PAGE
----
Address by President Nelson Mandela to boards of Anglo-American and De Beers on retirement of Harry Oppenheimer, Johannesburg

13 December 1994

Mr Harry Openheimer
Ladies and Gentlemen

I feel deeply honoured and privileged to share with such distinguished leaders of our business community, this moment at which you bid farewell to your chairman, Harry Oppenheimer.

It is given to few people to direct the affairs of a major corporation for six decades. When the company is one which comprises not only a substantial part of a country's economy, but is seized with the management of an industry that has been the foundation of its economic development, then such a record is rare. When, in addition, the period has been on of such dramatic social and political change as we have seen, then we are in the presence of something quite unique.

You have had a leader, if I may use that word, who has left his imprint not only on the business of your companies, but on our country's affairs. In doing both he has earned respect in this country and internationally.

For most of those six decades, leaders of business kept a distance from the political affairs of our country. That division was one which your chairman did not accept, either for himself or for the company. It is common knowledge that we have not always seen eye to eye with you on many issues. But we do remember that it was from this quarter that there came the vanguard of those from within the establishment who defied the prohibitions of the apartheid regime. They reached across the divide in order to seek out the ANC, and by doing so, helped open the way for the transition on which we have embarked as a nation.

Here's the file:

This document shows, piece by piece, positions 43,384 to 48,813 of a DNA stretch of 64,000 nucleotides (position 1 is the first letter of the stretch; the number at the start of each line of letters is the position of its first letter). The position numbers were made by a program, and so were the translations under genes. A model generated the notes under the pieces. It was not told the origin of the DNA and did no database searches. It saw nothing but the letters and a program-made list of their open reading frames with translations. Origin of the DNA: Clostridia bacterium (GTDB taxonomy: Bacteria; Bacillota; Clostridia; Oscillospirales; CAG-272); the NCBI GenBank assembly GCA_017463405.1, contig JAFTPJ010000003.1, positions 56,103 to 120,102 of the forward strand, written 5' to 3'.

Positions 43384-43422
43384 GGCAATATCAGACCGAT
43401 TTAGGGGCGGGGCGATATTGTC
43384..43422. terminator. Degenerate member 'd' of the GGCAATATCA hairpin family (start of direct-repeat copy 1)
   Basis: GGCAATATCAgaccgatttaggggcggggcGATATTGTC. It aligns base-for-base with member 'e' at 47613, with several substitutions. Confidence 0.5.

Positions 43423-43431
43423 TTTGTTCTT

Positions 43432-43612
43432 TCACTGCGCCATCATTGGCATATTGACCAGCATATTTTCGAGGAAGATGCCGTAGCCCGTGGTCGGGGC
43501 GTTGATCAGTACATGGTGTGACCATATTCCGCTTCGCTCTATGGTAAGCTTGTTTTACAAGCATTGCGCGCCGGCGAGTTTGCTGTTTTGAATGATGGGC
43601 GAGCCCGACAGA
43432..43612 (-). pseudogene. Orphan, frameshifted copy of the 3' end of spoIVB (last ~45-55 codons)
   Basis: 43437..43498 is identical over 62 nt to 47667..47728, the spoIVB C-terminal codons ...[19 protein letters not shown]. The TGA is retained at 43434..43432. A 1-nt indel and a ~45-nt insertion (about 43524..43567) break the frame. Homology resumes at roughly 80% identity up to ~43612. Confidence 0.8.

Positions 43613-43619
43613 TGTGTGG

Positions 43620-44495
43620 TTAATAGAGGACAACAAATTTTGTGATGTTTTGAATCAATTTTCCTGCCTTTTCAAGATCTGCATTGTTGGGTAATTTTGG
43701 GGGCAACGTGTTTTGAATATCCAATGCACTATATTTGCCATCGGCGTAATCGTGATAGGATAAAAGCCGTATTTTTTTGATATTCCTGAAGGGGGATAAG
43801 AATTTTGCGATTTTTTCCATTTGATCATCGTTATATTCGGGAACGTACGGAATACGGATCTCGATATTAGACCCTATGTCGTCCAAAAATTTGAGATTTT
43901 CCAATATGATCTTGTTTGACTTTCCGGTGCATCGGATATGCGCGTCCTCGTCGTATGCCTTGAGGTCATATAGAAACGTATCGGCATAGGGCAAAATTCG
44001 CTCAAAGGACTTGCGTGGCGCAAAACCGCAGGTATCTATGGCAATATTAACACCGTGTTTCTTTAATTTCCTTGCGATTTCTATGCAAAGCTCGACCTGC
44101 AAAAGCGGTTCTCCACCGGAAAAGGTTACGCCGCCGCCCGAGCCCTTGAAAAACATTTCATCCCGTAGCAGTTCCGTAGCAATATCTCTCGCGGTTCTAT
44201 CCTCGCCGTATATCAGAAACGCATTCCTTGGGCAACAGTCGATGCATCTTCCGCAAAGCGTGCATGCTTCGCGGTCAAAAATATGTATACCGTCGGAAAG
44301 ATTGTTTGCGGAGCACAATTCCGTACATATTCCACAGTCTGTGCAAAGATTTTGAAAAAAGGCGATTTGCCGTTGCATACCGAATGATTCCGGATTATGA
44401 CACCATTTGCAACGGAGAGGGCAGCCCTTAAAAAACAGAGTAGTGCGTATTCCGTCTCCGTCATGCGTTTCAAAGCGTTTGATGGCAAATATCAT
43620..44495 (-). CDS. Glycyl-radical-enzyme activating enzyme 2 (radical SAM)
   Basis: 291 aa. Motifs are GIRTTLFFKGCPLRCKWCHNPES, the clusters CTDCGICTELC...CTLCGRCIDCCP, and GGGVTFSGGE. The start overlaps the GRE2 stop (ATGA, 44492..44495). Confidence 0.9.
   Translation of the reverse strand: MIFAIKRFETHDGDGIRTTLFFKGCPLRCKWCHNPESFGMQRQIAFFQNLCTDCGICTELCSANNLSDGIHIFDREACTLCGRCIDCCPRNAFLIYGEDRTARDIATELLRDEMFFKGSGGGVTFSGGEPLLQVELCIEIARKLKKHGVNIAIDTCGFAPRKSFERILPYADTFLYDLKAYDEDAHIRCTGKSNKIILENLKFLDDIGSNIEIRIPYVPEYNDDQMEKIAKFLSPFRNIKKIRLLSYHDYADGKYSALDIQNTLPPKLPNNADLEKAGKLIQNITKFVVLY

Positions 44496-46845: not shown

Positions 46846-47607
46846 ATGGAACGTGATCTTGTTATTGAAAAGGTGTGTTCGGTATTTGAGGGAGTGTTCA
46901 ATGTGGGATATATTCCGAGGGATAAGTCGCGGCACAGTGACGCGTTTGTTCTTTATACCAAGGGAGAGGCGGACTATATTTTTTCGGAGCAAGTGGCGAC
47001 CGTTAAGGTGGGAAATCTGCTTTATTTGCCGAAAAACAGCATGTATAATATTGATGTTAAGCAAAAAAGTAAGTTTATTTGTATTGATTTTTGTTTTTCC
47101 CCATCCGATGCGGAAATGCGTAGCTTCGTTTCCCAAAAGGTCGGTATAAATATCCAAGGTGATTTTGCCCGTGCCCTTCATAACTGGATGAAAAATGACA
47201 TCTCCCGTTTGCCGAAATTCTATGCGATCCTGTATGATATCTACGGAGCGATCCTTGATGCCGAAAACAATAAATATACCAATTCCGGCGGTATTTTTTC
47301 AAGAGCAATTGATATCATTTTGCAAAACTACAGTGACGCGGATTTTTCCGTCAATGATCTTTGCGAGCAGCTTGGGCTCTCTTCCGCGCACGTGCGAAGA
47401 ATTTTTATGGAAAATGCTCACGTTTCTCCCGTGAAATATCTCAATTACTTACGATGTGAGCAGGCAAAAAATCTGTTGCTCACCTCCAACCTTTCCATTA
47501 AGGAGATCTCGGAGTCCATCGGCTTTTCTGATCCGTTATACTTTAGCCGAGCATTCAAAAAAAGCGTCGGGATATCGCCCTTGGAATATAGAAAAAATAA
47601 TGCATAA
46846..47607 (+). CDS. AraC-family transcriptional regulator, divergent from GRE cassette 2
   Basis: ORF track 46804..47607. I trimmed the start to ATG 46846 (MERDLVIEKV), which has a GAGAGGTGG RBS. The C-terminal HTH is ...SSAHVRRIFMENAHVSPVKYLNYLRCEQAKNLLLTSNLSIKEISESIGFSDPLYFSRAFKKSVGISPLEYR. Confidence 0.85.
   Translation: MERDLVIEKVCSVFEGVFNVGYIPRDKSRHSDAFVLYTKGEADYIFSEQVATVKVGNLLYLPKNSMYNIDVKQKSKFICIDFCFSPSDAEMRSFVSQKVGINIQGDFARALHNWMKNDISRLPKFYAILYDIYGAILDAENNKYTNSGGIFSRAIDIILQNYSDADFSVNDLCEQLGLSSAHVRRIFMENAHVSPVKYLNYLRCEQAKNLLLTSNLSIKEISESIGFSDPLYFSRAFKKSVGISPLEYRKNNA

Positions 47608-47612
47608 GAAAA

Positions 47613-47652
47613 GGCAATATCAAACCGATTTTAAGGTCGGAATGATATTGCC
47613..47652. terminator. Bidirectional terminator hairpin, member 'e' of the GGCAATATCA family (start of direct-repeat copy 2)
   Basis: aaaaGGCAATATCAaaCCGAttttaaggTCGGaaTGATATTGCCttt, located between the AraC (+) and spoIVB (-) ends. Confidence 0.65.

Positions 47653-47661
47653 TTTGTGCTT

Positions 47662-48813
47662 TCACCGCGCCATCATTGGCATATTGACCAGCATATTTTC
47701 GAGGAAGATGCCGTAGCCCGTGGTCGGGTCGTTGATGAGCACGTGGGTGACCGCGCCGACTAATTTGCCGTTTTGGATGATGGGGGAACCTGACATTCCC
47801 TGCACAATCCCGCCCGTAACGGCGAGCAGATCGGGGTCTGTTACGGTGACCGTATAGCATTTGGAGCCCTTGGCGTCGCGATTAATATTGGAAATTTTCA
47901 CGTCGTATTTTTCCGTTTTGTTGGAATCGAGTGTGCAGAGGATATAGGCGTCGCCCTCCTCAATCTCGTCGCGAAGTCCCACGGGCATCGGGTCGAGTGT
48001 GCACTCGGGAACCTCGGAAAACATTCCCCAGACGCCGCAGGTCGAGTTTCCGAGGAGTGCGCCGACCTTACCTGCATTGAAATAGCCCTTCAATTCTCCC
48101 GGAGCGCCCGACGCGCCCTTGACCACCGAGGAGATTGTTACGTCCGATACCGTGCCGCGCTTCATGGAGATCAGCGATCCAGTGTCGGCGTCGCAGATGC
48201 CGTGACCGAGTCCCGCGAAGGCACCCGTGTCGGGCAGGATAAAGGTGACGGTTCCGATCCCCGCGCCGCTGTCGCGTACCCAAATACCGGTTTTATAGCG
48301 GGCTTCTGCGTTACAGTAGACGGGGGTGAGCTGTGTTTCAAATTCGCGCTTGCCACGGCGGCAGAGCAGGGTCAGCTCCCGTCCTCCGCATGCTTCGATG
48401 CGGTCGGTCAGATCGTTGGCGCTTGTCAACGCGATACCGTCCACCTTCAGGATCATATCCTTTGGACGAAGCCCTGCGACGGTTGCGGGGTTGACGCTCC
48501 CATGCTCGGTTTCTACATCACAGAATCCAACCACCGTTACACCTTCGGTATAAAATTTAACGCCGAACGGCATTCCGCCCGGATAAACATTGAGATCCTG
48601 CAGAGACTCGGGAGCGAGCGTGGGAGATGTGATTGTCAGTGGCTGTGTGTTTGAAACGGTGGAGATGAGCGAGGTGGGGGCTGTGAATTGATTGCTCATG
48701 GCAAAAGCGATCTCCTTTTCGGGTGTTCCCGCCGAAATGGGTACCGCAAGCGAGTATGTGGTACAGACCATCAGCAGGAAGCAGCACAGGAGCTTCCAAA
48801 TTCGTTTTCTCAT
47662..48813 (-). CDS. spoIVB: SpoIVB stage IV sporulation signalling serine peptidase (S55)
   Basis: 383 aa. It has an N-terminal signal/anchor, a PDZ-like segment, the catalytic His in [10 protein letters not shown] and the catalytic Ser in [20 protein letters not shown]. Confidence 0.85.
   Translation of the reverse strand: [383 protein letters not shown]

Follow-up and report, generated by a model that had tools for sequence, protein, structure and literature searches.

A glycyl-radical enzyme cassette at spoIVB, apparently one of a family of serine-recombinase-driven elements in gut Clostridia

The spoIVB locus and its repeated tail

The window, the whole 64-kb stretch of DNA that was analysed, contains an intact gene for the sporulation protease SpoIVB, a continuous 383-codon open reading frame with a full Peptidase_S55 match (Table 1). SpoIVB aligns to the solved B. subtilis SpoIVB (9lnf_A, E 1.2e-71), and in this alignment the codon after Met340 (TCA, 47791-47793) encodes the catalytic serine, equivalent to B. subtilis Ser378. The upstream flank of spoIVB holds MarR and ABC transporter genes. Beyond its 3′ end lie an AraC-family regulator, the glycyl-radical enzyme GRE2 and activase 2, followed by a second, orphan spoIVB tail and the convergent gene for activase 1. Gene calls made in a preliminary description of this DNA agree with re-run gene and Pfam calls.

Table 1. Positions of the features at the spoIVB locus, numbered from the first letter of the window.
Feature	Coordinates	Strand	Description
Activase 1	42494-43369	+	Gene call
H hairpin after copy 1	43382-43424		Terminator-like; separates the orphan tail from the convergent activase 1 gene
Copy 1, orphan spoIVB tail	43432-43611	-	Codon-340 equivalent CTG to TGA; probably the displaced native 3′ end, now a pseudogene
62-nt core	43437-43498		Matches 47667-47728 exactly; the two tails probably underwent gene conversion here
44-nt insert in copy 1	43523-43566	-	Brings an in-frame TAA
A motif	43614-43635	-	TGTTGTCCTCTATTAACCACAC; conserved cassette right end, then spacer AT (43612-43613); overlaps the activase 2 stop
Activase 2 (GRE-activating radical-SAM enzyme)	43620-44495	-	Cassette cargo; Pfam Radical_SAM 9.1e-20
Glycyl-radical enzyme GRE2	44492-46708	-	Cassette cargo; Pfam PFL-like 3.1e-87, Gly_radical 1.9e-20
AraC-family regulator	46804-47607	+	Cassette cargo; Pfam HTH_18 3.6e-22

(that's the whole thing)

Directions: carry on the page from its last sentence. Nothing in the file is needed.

The impact of the mining industry and of Anglo-American in particular, on our national life, is measured in the number of ANC leaders for whom it was the crucible that formed them, such as JB Marks, Cyril Ramaphosa and Elijah Barayi.

The company has helped set the pace towards the building of good industrial relations in the mining industry in recent years. This is reflected in the extent to which negotiations in recent years have been concluded without strikes and the widening scope of agreements to include health and safety, education and training.

However, for all the progress that has been made, these steps are part of a long process of transformation which has only just begun. The dazzling achievements of the mining industry and of your great corporations were bound up with a profoundly unjust labour system. The problems it has bequeathed us are deeply rooted and will required commitment and dedication to eradicate. The co-operation of business and mining houses will be crucial.

Ladies and Gentlemen.

We hope that you will address the challenges that South Africa faces today with a similar courage to that which Harry Oppenheimer has shown over the years. These new problems include, centrally, the need to uplift the lives of the great majority of South Africans, the need for confidence in the economy and more productive investment, as well as to achieve a more equitable distribution of wealth and economic power.

To you, Sir,

Retirement is a moment tinged with sadness for what is left behind. But it is also a moment of release and personal freedom, all the more so when you can rest assured that you have left the company with the strength, the continuity and the vision to meet the challenges which our mining industry faces, both in our country and internationally.

Perhaps for the rest of us it should be a moment of celebration that, releases from the responsibilities for your company, you will be even more of an asset to the nation.

Source: South African Government Information Website